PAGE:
Yes, I know the pixels per inch is really resolution. I thought that was
not relevant though. But, here it becomes related to scale because of
the lack of image info in the beginning and the default behavior of PSE.
What do mean by "tagged to conform to geographic position"? I always
thought that when they say their maps are 1:24000 scale, that would
always translate to exactly 2000 FPI on the printed map. Of course that
is neglecting plane projection error, which should be negligible for
BTW, the downloaded maps do not have a grid. On the topo maps I have,
the 1000m grid is shown as small blue ticks on the outside border of the
map. There are what appear to be partial latitude and longitude ticks
around the inside of the border. I say partial because some of them
appear to have been left out.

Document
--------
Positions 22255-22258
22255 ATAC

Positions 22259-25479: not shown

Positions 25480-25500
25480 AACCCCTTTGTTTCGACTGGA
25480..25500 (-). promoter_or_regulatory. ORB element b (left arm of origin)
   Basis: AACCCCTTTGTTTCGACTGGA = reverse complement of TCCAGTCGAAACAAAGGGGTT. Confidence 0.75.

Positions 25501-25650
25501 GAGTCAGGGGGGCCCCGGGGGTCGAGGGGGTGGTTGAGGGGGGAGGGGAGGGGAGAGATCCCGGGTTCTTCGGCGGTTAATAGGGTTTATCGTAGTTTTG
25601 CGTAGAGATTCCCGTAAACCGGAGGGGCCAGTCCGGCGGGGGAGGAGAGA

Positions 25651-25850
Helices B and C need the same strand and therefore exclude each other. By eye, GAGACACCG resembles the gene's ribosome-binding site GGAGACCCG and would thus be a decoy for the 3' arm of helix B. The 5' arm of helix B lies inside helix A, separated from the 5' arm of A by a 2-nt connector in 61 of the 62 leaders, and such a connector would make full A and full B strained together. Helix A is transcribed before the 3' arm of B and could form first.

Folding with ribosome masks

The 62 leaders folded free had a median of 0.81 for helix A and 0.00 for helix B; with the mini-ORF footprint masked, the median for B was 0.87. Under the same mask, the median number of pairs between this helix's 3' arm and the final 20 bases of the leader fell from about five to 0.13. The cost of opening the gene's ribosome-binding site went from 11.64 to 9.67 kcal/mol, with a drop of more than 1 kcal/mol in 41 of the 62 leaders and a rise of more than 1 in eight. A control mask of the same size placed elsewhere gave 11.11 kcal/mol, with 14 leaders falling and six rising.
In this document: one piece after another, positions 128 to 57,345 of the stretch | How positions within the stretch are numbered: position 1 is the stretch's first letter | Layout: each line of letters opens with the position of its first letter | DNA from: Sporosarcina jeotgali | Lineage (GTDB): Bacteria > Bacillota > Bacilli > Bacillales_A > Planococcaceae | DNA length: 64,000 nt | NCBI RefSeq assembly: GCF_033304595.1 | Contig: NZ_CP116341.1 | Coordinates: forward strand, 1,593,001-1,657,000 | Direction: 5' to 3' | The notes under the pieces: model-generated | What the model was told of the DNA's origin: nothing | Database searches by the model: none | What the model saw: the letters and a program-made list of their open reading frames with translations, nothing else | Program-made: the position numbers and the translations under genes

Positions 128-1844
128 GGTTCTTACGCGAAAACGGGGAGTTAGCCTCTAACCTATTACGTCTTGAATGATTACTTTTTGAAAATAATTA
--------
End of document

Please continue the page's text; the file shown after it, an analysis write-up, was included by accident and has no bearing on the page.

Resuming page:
Thinking about this last (longitude and latitude), I guess that the 7.5'
maps, to be constant in scale would have to be different sized (printed
map size) depending on latitude. Maybe this is what you mean by "tagged
Anthony Costello wrote:
It depends! Look up dots per inch in Wiki. Pixels per inch is
to resolution, not scale. Digital USGS maps are rendered as raster, but
the same size image can be rendered at the maximum resolution of the
screen, or anything below. A higher dpi will produce smoother lines.
GIS mapping programs use USGS maps which are tagged to conform to
geographical position, and so scale accurately. Your solution does more
or less the same thing, assuming that the deedmapper projection and the
map's projection are the same, but any difference will not matter on a
small scale. The grid lines on the USGS map will give you the scale -
on the 1:25000 maps they are drawn at 1000m intervals, approximately